As world leaders gathered virtually for the United Nations General Assembly on Tuesday, Russian president Vladimir Putin argued that ending “illegitimate sanctions” against countries like his could boost the coronavirus-hit global economy and create jobs.
During the UN’s 75th anniversary gathering, the Russian president stressed the importance and need for multilateral co-operation in order to fight the pandemic and other global problems.
“Freeing world trade from barriers, bans, restrictions and illegitimate sanctions would be a great help in revitalizing global growth and reducing unemployment,” he said to the annual gathering of world leaders, conducted virtually this year due to the coronavirus pandemic
Putin has been pushing for years to end U.S. and European Union sanctions imposed on Moscow after it annexed Crimea from Ukraine in 2014, was accused of interfering in the 2016 U.S. elections, and other actions. Moscow views the Crimea annexation as legitimate, and denies meddling in the vote that gave Donald Trump the U.S. presidency.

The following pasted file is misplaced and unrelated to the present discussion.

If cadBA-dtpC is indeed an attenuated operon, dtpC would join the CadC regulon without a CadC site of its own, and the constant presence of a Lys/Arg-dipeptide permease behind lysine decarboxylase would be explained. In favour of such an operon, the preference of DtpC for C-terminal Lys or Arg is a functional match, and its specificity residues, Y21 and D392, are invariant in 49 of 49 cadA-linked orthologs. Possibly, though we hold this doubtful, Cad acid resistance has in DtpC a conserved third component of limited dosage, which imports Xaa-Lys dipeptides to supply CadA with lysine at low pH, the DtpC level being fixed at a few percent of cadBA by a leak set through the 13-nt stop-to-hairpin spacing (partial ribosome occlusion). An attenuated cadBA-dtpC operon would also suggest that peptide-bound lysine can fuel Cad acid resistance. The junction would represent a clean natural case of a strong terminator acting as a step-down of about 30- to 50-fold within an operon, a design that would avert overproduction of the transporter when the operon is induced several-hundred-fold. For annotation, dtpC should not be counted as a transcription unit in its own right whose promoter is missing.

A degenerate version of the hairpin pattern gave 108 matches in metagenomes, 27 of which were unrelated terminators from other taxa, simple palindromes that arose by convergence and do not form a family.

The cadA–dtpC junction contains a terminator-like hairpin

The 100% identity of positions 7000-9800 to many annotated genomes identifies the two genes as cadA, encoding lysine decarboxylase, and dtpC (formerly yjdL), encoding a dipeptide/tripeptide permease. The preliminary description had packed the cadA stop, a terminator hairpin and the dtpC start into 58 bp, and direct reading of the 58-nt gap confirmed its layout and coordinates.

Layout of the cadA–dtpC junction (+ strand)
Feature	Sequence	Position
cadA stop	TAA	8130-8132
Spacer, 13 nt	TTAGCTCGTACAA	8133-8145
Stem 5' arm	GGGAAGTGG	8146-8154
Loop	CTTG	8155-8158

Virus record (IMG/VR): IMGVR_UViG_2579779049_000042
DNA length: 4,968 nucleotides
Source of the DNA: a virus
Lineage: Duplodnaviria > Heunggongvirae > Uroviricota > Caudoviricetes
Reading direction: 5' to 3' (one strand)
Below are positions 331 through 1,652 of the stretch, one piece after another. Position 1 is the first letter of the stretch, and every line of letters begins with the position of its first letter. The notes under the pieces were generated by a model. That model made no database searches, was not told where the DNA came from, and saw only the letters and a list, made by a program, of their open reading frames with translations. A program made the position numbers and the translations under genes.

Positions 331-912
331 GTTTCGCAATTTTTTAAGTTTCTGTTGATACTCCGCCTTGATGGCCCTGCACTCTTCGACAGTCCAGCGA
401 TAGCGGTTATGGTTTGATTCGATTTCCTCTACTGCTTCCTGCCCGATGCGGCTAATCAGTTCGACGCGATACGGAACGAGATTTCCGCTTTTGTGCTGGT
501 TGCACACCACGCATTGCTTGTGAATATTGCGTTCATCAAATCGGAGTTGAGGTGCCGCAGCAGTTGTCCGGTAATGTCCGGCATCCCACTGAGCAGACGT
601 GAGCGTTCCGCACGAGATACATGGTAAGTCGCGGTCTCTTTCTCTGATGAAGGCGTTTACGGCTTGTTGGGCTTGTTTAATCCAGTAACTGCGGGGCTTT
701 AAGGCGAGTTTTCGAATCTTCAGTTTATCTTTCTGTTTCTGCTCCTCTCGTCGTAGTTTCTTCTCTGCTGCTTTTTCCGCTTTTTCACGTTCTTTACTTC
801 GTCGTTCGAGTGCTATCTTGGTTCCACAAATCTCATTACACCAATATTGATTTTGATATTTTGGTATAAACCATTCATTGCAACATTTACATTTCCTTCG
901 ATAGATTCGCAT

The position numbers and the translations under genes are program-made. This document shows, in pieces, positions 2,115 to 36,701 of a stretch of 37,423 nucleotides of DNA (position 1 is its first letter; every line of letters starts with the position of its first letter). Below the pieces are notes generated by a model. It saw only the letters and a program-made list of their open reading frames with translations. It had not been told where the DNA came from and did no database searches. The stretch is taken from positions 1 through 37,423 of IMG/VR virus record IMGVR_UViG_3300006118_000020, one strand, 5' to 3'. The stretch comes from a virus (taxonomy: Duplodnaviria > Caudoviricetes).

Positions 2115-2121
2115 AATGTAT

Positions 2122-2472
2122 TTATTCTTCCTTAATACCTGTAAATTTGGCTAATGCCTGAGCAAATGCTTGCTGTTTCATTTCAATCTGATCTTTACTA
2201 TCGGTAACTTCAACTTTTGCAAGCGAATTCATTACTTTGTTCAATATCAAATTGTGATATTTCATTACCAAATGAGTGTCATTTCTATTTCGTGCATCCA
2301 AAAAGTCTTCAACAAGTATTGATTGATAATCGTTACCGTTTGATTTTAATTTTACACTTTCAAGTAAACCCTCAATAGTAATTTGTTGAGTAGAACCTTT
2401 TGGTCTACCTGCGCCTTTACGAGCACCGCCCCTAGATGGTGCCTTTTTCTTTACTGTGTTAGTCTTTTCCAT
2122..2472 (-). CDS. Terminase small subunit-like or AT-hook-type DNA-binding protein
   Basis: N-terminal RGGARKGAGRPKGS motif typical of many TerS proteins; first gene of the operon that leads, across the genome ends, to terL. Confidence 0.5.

Russia has also drawn international criticism for speedily approving a COVID-19 vaccine, and some Western experts said it cut corners during testing. Putin has touted the vaccine on national television and said that one of his adult daughters had already been inoculated.
On on Tuesday, he offered to provide the vaccine free to all UN staff. However, both Russian and Western experts insist that further studies are needed to determine the vaccine’s effectiveness and safety.